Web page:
Classified ads not pertaining to commercial profit are free to military personnel, DA Civilians, Family members and MLC/IHA employees. Ads should be 20 words or less with nonworkplace E-mail or phone numbers listed. To submit a classified ad, E-mail tetsuo. However, the Torii Newspaper reserves the right not to publish inappropriate advertisements. Deadline is no later than noon Mondays. Military community classified ads can also be placed for free on a commercial Web site at www. Zama_ARMY_/. citizenship and a high school diploma or GED are required. For more information or any questions, please call 263-4005. Physical Therapist, intermittent (240 hours): Provides physical therapy service in the areas of physical disabilities, neuromuscular and psychosocial dysfunctions in patients ranging from adolescence to the very elderly. Must have license to practice physical therapy in the U.S. This is a contract positions open to SOFA status applicants. Resumes may be sent to Yoshiyasu. ALL applicants shall register in the Central Contractor Registration (CCR) at Physical Therapist, intermittent (240 hours): Provides physical therapy service in the areas of physical disabilities, neuromuscular and psychosocial dysfunctions in patients ranging from adolescence to the very elderly. Must have license to practice physical therapy in the U.S. This is a contract positions open to SOFA status applicants. Resumes may be sent to Yoshiyasu. ALL applicants shall register in the Central Contractor Registration (CCR) at instructor/facilitator: Camp Zama Education Center is looking for a Instructor/Facilitator to conduct daytime Online Academic Skills Course formerly called FAST. Bachelor’s Degree and Teaching License/Certificate preferred.Will be paid for 240 classroom hours per year. Call 263-5055 for more information. instructor/facilitator: Torii Station Education Center is looking for a Instructor/Facilitator to conduct daytime Online Academic Skills Course formerly called FAST. Bachelor’s Degree and Teaching License/Certificate preferred.Will be paid for classroom hours taught per year.Call 263-5055 for more information. White, Powereverything,CD/Stereo, seats 8, 75K. JCI until May 2011. $7,500 or best offer. Call 090-3450-8792, email cgcaptgood@ 95 Mitsubishi diamante: Very Good Condition. Power windows, locks and sunroof. Tires 1-years old. 10-disc CD changer in trunk; CD and tape cassette in console. Heat/Air. JCI until May 2012! $3000 o.b.o! Please leave a message 080-4125-9925. 94 Toyota soarer: 104k kilometers, JCI until late 2011, clean, well maintained, fun to drive (V8)!!! $2000/OBO. Call/email Andrew at 08033368305 or 04 Yamaha, YZf R1: Immaculate Condition, Like New, Met Silver/Drk Grey, Limited color, 13,400km, Carbon Fiber parts, Garage kept, TOCE Extreme 4/quad exhaust, Vortex racing sprocket/gold chain, Double wind screen, Pilot Power 2CT Tires, New JCI, Plus much more $7,900. PCSing: Call 090-8517-9568 (2)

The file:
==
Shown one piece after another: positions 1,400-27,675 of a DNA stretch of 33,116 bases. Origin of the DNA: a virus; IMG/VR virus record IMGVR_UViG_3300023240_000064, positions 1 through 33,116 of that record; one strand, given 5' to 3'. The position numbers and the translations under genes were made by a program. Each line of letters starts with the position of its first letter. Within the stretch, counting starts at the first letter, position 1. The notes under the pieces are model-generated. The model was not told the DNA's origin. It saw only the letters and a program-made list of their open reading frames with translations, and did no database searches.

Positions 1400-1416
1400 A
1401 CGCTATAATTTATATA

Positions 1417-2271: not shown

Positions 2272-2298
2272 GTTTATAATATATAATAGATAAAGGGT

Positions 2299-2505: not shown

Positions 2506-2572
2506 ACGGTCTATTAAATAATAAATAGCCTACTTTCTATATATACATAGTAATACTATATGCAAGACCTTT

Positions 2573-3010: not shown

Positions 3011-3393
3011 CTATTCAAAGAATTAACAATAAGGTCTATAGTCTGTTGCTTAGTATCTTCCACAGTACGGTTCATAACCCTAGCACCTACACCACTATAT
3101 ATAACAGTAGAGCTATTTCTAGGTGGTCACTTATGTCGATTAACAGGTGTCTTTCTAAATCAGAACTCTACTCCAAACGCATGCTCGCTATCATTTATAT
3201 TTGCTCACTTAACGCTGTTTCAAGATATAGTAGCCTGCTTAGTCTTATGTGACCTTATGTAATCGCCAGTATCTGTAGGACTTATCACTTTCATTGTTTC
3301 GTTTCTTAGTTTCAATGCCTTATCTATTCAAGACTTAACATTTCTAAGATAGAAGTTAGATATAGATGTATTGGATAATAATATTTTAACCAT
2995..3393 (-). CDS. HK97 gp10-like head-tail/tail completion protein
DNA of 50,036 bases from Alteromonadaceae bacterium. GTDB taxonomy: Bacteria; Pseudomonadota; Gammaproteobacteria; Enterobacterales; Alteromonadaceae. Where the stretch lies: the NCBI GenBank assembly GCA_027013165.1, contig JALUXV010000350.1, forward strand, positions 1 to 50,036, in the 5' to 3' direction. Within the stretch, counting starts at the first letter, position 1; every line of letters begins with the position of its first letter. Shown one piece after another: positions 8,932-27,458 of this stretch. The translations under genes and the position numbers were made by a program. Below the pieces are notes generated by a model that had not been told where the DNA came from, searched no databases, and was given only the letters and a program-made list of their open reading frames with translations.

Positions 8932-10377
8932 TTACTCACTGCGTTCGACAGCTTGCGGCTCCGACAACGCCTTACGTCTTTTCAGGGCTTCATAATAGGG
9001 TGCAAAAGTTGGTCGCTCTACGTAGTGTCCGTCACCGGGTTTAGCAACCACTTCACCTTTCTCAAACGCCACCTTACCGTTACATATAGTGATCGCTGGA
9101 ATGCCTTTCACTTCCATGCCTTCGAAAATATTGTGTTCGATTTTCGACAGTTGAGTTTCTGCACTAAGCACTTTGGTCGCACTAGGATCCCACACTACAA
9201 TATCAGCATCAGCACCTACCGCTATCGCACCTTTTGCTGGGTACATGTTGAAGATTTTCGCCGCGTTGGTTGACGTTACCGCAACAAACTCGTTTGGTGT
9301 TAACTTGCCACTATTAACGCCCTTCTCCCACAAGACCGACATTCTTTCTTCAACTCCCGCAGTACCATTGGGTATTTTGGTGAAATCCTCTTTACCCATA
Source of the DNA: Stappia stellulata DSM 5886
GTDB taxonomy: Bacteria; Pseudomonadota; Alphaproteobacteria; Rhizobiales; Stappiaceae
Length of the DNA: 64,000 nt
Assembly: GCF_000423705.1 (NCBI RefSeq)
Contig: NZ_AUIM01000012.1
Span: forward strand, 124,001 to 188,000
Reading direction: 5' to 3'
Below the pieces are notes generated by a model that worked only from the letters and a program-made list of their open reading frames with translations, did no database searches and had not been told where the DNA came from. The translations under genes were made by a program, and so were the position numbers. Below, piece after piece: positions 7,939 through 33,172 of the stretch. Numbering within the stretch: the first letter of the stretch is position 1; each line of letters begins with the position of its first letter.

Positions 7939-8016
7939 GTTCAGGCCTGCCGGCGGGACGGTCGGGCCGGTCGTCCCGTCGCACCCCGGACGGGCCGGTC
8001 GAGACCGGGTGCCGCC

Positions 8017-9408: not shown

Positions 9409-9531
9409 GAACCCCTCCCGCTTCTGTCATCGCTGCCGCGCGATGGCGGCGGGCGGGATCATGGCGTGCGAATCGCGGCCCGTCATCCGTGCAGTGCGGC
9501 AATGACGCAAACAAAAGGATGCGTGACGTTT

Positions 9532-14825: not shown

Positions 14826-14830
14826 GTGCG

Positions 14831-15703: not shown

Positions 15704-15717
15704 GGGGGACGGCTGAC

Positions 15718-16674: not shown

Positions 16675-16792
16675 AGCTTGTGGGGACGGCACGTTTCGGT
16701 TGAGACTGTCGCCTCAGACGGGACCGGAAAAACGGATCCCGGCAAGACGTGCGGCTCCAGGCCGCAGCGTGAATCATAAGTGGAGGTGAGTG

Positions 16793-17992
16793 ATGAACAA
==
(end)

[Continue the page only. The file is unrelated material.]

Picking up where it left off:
all ages, all seasons. To showcase your team or your child’s team, e-mail your digital action sports photos less than two weeks old (with captions) in .jpg format of 3mb or more to tetsuo.